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Old 01-09-2009, 08:17 PM   #1
shlongstar
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Dec 2008
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I must admit, I love all beer, but have only tried Sierra Nevada in the recent months.

Upon first impression, I thought the bitterness was a bit too much for me... but I gotta say I'm starting to like it.

As reference for a newb like me... How would you guys rate Sierra Nevada's "Hoppiness"? I kinda find it a good balance, and can't imagine much more bitterness in a beer. Maybe I'll never be a "hophead?"



 
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Old 01-09-2009, 08:24 PM   #2
magnj
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As per their site SNPA is right around 37 IBU's. It's an APA, which range from 20-40 IBU's, so it' on the high side you might say but there are way hoppier offerings out there. Go and buy a single of one of the Sierra Nevada Wet Hop Harvest and see if you like that, its about 65 IBU's.

Maybe it's not for you, but I bet it will grow on ya.



 
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Old 01-09-2009, 08:56 PM   #3
McGarnigle
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SNPA is pretty hoppy, particularly if you aren't used to that sort of thing. Keep in mind that it's just a pale ale, so those 37 IBUs go a long way. There are many beers that are much hoppier, though that doesn't mean they come across as a lot more bitter.

 
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Old 01-09-2009, 09:02 PM   #4
ctbrewer227
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Jan 2009
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Talk about hops try dogfish heads 120 minute IPA!!!! OFF THE RICHTER!!!!

 
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Old 01-09-2009, 09:10 PM   #5
dataz722
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but the 120 isnt bitter at all
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Old 01-09-2009, 09:11 PM   #6
jharres
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Oct 2008
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What would be a good example of a beer that is hoppy (or higher in IBU) but still well balanced and doesn't make you pucker when you drink it?

 
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Old 01-09-2009, 09:21 PM   #7
Yooper
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I think it's all perception- I think SNPA is a balanced beer. Kind of boring, in a way- neither hoppy nor bitter. But I think if you look at the IBU:SG ratio, you could determine what makes a beer bitter.

What I mean is, 39 IBUs in a 1.090 OG beer is nothing. But 39 IBUs in a 1.030 OG beer would be bitter. So, for a "balanced beer", you'd want to have the IBUs in line with the gravity of the beer. Software helps a lot with that- it helps when you calculate how "bitter" that beer is going to be.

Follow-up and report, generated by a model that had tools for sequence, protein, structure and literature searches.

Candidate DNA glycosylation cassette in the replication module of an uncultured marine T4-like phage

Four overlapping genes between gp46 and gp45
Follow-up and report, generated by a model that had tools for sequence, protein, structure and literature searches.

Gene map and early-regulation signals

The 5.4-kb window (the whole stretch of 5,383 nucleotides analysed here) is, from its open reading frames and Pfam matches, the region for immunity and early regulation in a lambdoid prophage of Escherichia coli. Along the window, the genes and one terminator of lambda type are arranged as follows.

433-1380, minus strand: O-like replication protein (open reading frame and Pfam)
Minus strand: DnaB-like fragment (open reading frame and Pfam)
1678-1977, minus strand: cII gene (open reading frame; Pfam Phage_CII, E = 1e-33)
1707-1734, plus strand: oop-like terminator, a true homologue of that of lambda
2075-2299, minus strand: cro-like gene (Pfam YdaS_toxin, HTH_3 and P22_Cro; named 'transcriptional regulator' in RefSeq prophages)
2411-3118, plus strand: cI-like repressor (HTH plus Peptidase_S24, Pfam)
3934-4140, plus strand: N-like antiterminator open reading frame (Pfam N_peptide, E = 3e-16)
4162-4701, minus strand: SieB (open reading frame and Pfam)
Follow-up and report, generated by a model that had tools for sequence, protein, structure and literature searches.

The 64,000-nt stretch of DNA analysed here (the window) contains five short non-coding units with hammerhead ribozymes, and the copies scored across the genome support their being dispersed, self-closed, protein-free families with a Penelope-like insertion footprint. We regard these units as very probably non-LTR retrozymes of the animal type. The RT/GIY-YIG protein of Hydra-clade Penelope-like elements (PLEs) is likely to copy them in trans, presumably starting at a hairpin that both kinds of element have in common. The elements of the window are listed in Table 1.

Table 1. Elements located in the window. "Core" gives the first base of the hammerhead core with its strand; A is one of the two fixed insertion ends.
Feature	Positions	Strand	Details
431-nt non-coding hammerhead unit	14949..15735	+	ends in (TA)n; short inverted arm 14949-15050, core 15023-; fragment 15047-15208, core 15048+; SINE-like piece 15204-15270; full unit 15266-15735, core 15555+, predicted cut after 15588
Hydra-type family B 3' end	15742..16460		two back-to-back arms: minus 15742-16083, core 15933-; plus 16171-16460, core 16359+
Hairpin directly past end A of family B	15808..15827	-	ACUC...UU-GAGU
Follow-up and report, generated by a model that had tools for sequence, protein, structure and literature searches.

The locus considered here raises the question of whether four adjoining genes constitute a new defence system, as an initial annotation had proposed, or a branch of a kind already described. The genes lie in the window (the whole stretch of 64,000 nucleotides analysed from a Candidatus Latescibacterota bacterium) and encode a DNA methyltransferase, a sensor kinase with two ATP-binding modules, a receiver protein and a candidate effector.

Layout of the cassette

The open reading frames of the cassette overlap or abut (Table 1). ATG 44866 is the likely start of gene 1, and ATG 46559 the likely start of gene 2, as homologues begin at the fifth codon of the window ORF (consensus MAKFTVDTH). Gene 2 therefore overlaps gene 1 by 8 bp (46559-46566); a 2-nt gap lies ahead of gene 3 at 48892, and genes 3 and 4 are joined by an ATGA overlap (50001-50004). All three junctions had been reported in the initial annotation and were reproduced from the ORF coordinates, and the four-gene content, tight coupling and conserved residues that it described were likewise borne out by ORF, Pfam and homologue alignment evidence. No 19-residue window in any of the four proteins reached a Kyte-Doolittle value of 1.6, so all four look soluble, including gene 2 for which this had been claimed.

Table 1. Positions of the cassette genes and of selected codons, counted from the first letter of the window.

Basically what I am trying to say is, that the more malt in a beer, the more hops you need to counter the malt sweetness. So, any number of beers can be balanced between the hops and malt. As far as a style that almost always shows balance, I think of American Amber. Neither malty, nor hoppy, but balanced.
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Old 01-09-2009, 09:23 PM   #8
McGarnigle
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Puckering is more an issue of astringency, or perhaps sourness. Maybe you just have to work your way up. Great Lakes Commodore Perry is a pretty hoppy but balanced IPA, IMO.

But I still say that what sets big hop bombs apart isn't their bitterness, it's their mass of hop flavor. It can turn you off at first. Stone Ruination was hard for me to drink at first, but it wasn't really the bitterness to blame.

 
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Old 01-09-2009, 09:30 PM   #9
orangeandblue302
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Victory had the Yakima Twilight a little while back that was a double IPA but not super bitter. very well balanced and super dark. One of my all time favorites.

 
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Old 01-09-2009, 09:45 PM   #10
jharres
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Well, maybe I'm not using the correct terms, but for example, the first time I had a Stone ABA, that first sip felt like I got smacked in the mouth. Not that it was technically "bitter" (in terms of astringency) but that is was like hop overload. The front of my tongue felt like it had a seizure and the after taste was consuming, but not necessarily in a good way. On the other hand, I tasted a very well balanced IPA at my local homebrewers club meeting last night that was quite hoppy, but didn't feel overloaded like the Stone ABA, as it was well balanced. The front of the tongue definitely noticed the hops, but there was enough malt to counteract it and leave my mouth feeling like it was not dying. I hope I'm making sense here.



 
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